Let mutual love continue. Do not neglect to show hospitality to strangers (The Epistle to the Hebrews 13.1-2a)
Yesterday and another hot, humid South Carolina afternoon. My cart half-filled, I stood, more or less (more, I confess, less) patiently in line at the market.
Before me, a young black man. A bottle of water in hand. His pants slung low. His tank top hanging loosely from his narrow shoulders.
Before him, an older, portly white man. His suspendered trousers high on his waist. His cart, a psalmic “cup running over” with groceries.
Nearing check-out, the older gentleman turned. Up-and-down, he looked at the young man.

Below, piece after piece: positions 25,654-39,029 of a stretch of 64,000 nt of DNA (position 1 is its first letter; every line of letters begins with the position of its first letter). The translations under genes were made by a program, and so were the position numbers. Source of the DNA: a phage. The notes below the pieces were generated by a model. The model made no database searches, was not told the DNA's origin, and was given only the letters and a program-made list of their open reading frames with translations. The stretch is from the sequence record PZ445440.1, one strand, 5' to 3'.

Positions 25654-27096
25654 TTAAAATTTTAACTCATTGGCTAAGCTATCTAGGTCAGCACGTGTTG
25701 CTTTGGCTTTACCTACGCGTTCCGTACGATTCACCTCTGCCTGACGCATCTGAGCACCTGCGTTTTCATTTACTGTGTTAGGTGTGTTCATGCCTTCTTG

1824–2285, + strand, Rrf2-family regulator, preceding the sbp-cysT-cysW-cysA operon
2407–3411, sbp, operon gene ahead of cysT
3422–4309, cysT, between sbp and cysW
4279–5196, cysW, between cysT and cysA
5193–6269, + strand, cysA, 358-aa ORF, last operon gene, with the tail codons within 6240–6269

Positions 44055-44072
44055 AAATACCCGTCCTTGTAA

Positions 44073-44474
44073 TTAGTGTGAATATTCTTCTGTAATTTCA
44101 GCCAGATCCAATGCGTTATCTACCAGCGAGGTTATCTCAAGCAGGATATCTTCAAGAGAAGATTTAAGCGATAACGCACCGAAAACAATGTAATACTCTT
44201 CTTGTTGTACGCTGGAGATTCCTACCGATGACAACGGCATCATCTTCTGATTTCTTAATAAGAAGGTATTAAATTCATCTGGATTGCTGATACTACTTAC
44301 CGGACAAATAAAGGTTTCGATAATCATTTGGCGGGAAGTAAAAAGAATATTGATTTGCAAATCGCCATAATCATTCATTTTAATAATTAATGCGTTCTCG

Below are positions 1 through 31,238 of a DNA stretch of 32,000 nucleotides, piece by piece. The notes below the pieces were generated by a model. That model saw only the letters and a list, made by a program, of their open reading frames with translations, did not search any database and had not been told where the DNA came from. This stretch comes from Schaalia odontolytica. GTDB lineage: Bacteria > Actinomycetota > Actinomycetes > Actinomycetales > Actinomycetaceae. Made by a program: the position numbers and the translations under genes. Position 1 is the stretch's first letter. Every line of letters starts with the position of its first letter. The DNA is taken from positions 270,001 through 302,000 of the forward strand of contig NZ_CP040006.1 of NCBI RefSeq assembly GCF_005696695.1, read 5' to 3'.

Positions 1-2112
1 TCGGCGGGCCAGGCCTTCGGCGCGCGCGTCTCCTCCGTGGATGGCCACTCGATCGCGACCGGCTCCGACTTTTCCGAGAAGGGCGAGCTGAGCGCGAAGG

“My dear sir,” his Southern drawl molasses-thick, “you only have one item. You go ahead of me.”
I couldn’t see the young man’s face, but I heard his voice, his tone registering surprise, “Thanks. Appreciate it.”
America’s tenaciously long-lived racial divide wasn’t healed. Nevertheless, spontaneously, I smiled. This little act in the giving and in the receiving, in a big way, fortified my hope that – in a world and time of increasing anxiety and anger, particularly in the public square and directed at “the other” – civility lives.
© 2022 PRA